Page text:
10 Things You Didn’t Know about Wenger Watches

When it comes to making reliable and accurate timepieces, the Swiss definitely have their head in the game. One Swiss watchmaker that may not be as popular as some of the others is Wenger. While the Brand is not as recognizable as some of the other watch manufacturers headquartered in Switzerland, they definitely are considered major players in the Swiss manufacturing game. The company has a very rich history, but probably not for you might think. You have definitely heard of the name and maybe even shopped the brand, but how much do you really know about Wenger?

We decided to give you 10 little-known facts about the company to help you become more familiar with the brand.

1. More Than 100 Years in Existence

Normally, when you see a company that has made an imprint in the Swiss manufacturing arena, it will have a rich history that goes back to when watchmakers were making timepieces by hand. Wenger is no different. The company was founded in 1893. The brand has evolved quite a bit over the last 100 years or so.

2. Wenger Did Not Start Out as a Watch Company

Although everyone seems to be falling in love with Swiss watches, there is something else that the Swiss are known for — Swiss army knives. That’s right! Wenger started out making knives for the Swiss army. The company became the second industrial cutlery company in Switzerland.

3. The Company Almost Sank After 9/11

Everyone remembers where they were during 9/11, but rarely do we think about the economic fallout for companies that were not directly linked to that tragedy. Unfortunately, that tragedy led to pocket knives being banned for air travel which led to a steep decline in Swiss Army Knife sales. This caused the company to completely restructure the brand.

4. The Merger with Victorinox

What is classified as a merger was much more of a hostile acquisition that represented the only lifeline that Wenger had at the time. Being acquired by Victorinox allowed Wenger to continue to manufacturer Swiss army knives and watches through those lean years that followed 9/11.

5. What Is an Acquisition Without Rebranding

The acquisition by Victorinox also led to the capacity to develop new products, expanding the reach and impact of the company on a global scale. The company not only manufactured knives and watches but became known for developing and manufacturing multipurpose tools. Being a manufacturer of multipurpose tools is still their hallmark.

6. Dependability and Consistency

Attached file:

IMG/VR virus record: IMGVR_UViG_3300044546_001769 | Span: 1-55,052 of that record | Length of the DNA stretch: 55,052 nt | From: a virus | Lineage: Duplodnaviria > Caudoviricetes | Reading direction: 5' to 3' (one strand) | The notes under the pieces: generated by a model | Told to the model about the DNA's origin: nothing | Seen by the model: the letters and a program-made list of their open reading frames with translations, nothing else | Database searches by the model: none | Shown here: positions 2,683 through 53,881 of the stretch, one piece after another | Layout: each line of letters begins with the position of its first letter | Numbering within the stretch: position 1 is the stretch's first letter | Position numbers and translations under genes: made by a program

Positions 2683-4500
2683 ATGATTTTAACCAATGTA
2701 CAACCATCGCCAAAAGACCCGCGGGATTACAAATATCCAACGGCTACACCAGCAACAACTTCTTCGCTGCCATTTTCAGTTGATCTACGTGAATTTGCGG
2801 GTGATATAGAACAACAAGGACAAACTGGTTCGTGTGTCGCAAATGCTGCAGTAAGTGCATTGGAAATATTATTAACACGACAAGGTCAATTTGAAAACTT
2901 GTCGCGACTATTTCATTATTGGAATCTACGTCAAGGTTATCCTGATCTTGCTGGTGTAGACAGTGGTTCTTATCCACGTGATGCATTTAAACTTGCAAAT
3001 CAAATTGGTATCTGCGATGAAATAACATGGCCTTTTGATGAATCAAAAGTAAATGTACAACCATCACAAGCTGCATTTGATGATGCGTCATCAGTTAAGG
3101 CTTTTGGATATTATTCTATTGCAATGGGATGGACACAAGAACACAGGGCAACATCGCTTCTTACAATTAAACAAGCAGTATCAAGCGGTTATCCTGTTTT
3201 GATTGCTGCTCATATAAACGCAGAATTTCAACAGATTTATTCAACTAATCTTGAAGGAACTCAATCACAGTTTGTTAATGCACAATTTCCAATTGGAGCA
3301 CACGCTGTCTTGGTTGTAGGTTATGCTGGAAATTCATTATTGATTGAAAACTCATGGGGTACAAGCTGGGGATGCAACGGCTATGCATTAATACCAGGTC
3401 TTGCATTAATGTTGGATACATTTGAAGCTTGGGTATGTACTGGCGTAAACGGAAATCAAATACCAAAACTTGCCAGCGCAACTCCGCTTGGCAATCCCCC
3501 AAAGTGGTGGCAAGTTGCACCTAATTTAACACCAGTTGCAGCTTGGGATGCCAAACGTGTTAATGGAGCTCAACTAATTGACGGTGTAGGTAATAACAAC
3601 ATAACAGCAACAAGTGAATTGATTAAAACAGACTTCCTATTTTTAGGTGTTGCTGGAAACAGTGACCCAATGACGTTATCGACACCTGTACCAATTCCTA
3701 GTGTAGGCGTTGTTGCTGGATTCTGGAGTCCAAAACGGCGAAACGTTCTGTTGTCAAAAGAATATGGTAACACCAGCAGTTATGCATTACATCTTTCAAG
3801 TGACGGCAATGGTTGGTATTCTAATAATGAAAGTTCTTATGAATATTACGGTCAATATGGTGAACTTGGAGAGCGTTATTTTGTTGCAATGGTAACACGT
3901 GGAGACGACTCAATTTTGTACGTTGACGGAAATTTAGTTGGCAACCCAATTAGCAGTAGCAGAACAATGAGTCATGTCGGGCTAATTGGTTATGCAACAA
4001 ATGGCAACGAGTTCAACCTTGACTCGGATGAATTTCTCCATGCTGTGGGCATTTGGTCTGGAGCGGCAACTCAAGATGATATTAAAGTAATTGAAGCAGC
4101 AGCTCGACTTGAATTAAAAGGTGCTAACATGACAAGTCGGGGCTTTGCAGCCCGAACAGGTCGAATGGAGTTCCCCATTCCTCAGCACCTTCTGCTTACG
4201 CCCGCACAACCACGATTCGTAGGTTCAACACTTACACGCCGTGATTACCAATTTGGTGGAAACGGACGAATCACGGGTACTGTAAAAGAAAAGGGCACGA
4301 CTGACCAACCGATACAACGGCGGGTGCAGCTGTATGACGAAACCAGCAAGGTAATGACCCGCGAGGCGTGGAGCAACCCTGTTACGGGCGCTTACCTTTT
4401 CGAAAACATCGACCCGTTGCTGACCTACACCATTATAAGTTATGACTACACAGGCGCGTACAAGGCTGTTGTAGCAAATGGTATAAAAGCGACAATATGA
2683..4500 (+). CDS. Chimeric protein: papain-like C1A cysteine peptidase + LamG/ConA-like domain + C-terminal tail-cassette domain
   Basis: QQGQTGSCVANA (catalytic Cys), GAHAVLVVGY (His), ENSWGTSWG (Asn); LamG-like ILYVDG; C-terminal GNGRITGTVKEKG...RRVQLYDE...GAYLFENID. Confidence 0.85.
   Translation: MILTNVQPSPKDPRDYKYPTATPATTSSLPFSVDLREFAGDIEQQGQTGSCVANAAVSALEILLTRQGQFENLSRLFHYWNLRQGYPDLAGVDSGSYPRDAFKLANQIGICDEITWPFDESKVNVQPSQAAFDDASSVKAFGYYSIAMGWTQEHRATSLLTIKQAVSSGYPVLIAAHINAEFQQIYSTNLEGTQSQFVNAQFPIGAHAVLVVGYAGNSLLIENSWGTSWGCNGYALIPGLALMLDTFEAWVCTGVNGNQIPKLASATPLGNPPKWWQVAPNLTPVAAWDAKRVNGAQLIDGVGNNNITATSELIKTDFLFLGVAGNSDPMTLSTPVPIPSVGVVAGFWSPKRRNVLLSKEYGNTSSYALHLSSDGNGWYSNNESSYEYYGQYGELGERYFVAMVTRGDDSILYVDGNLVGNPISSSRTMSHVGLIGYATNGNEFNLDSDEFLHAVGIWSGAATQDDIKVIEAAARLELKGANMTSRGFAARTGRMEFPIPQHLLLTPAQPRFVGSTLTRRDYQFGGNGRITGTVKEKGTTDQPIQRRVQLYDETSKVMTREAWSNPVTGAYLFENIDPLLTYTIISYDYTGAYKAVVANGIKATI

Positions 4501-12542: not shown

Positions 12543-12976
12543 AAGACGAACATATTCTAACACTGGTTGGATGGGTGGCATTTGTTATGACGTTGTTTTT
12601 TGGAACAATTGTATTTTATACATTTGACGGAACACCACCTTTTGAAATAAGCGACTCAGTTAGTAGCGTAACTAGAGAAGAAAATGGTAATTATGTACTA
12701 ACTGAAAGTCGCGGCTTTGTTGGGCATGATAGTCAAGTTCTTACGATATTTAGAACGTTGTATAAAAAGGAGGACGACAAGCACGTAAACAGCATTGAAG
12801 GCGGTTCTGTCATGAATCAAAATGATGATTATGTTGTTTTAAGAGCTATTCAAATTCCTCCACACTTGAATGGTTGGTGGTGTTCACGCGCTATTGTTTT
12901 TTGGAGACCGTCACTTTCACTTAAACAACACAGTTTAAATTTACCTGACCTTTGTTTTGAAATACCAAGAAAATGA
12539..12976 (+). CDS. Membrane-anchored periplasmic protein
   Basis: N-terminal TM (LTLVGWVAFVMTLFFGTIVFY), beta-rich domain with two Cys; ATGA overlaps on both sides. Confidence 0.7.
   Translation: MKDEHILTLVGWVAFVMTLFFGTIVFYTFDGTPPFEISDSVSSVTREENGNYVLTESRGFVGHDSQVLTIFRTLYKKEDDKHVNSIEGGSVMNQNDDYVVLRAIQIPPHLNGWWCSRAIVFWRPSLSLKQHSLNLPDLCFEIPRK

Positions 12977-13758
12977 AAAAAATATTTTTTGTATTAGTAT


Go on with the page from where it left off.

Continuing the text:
While Wenger has their hands in a lot of different industries, it has not negatively impacted the development and manufacturing of quality timepieces that are dependable and consistent. Their watch designs remain very close to the Swiss multifunctional ideology that put the country on the map (no pun intended).

7. Enter Elegance Into the Equation

Wenger is known for its rugged, multifunctional watches that focus on an outdoor theme; however, the company has recently introduced several designs with the sole focus being on elegance and style. If you are looking for something stylish for a formal event, Wenger has a watch that will fit your style.

8. Rugged Doesn’t Mean Boring

If you make the postulation that the rugged designs of most Wenger watches mean that they are boring and lack style, you would be sadly mistaken. The Wenger brand successfully merges durability with style to create timepieces that can be worn on a camping trip or in the boardroom. The brand offers its customers a myriad of choices from which to choose. There is something for almost everyone.

9. Functionality Is the Name of the Game

If you had to define Wenger watches in one word that word would be “functional.” Whether you need a watch that simply displays date and time or you are looking for something more detailed that includes multifunctional chronographs and tachymeter scales, you can find it in a Wenger watch. The sports watch collection is great for men or women.

10. Automatic and Quartz Models Available

Wenger offers both automatic and quartz timepieces. Quartz watches require a battery to power the timepiece, while automatic watches use the motion of the person wearing the watch to automatically and continuously wind the watch. Quartz watches are more accurate than automatic watches, but the need for changing batteries can be a turnoff for some.


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